"And it came to pass about an eight days after these sayings, he took Peter and John and James, and went up into a mountain to pray. And as he prayed, the fashion of his countenance was altered, and his raiment was white and glistering. And, behold, there talked with him two men, which were Moses and Elias; who appeared in glory, and spake of his decease which he should accomplish at Jerusalem, but Peter and they that were with him ere heavy with sleep; and when they were awake, they saw his glory, and the two men that stood with him. And it came to pass, as they departed from him, Peter said unto Jesus, Master, it is good or us to be here; and let us make three tabernacles, one for thee, and one for Moses, and one for Elias; not knowing what he said. While he thus spake, there came a cloud, and overshadowed them; and they feared as they entered into the cloud. And there came a voice out of the cloud, saying, This is my beloved Son; hear him." "And when the disciples heard, they fell on their face, and were sore afraid. And Jesus came and touched them, and said, Arise, and be not afraid. And when they had lifted up their eyes, they saw no man save Jesus only. And as they came down from the mountain, Jesus charged them, saying, Tell the vision to no man, until the Son of man be risen again from the dead." "And they kept that saying with themselves, questioning one with another what the rising from the dead should mean."

"And his disciples asked him, saying, Why then say the scribes that Elias must first come? And Jesus answered and sake unto them, Elias shall truly first come and restore all things. But I say unto you, That Elias is come already, and they knew him not, but have done unto him whatsoever they listed. Likewise shall also the Son of man suffer of them. Then the disciples understood that he spake unto them of John the Baptist."

On the next day after the transfiguration, Jesus, with Peter, James, and John came down from the hill where the kingdom had been shown them in miniature; and when they came to the other disciples, they saw a great multitude gathered about them, and the scribes questioning with them. "And straightway all the people, when they beheld him, were greatly amazed, and running to him, saluted him. 

And he asked the scribes, What question ye with them? And one of the multitude answered and said, Master, I have brought unto thee my son, which hath a dumb spirit; and wheresoever he taketh him, he teareth him; and he foameth, and gnasheth with his teeth, and pineth away; and I spake to thy disciples that they should cast him out; and they could not. He answered him and said, O faithless generation, how long shall I be with you? How long shall I suffer you? Bring him unto me. And they brought him unto him: and when he saw him, straightway the spirit tare him; and he fell on the ground, and wallowed foaming. And he asked his father, How long is it ago since this came unto him? And he said, Of a child. And ofttimes it hath cast him into the fire, and into the waters, to destroy him; but if thou canst do anything, have compassion on us, and help us. Jesus said unto him, if thou canst believe; all things are possible to him that believeth. And straightway the father of the child cried out, and said with tears, Lord, I believe, help thou mine unbelief. When Jesus saw that the people came running together, he rebuked the foul spirit, saying unto him, Thou dumb and deaf spirit, I charge thee, come out of him, and enter no more into him.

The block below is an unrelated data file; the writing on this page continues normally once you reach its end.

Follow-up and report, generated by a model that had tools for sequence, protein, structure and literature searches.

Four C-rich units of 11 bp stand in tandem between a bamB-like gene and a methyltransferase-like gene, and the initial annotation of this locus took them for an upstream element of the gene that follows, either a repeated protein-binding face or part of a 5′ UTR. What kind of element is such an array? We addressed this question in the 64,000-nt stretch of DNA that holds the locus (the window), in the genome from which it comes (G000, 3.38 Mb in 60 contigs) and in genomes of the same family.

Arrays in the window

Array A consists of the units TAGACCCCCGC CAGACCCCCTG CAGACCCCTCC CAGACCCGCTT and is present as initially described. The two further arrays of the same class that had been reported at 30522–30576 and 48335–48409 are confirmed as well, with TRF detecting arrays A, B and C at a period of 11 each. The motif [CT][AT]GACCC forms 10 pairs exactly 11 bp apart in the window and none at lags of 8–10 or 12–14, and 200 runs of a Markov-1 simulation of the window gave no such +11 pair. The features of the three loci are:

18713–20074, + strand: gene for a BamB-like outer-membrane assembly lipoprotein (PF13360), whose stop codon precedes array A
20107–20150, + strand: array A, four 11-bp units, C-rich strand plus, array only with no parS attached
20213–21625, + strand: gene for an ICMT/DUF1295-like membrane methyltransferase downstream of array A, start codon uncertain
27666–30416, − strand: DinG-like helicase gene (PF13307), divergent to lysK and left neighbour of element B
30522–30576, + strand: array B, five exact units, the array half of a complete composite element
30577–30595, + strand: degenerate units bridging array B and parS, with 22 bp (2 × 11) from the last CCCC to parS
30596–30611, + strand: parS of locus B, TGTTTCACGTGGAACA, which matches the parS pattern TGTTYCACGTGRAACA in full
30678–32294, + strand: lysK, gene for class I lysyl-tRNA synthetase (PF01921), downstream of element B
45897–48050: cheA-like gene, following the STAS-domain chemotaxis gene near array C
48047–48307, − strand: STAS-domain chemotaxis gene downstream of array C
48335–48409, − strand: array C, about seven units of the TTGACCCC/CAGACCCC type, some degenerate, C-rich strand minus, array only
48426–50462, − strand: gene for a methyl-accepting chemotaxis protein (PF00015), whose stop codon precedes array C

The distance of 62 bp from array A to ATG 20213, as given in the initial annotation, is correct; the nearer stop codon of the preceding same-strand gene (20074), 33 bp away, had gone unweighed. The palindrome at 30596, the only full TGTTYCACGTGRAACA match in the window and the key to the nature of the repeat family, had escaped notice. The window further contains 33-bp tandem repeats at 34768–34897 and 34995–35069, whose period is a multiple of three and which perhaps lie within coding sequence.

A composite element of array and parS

And the spirit cried, and rent him sore; and came out of him; and he was as one dead; insomuch that many said, He is dead. But Jesus took him by the hand; and lifted him up; and he arose. And when he was come into the house, his disciples asked him privately, Why could not we cast him out? And he said unto them, This kind can come forth by nothing, but by prayer and fasting."


TABOR is the traditional ''mount of transfiguration," but there seems to be much doubt in the minds of travelers about its being the true scene of this wonderful occurrence, although the tradition dates as early as the fourth century. Says one,

“If we might choose a place which we would deem peculiarly fitting for so sublime a transaction, there is certainly none which would so entirely satisfy our feelings in this respect as the majestic, beautiful Tabor; but this theory seems highly improbable from the fact that just a little before this glorious event Jesus was far away from Tabor, near Caesarea Philippi. Moreover, the summit of Tabor was at that time occupied by a fortified town."  Some think it very probable that the event may have occurred on one of the spurs or recesses of Mount Hermon. This view seems at least reasonable, for there is no proof that the disciples and their Master had left the neighborhood of Caesarea Philippi, which was itself situated on a spur of Hermon. 

A few, however, still stoutly contend that Mount Tabor is the probable site of the transfiguration, claiming that the fortified city did not cover the whole mountain, and, but there must have been plenty of retired spots where the sublime scene might have occurred. From its comparative isolation from other mountains, they think it best answers to the account of Matthew, "a high mountain apart."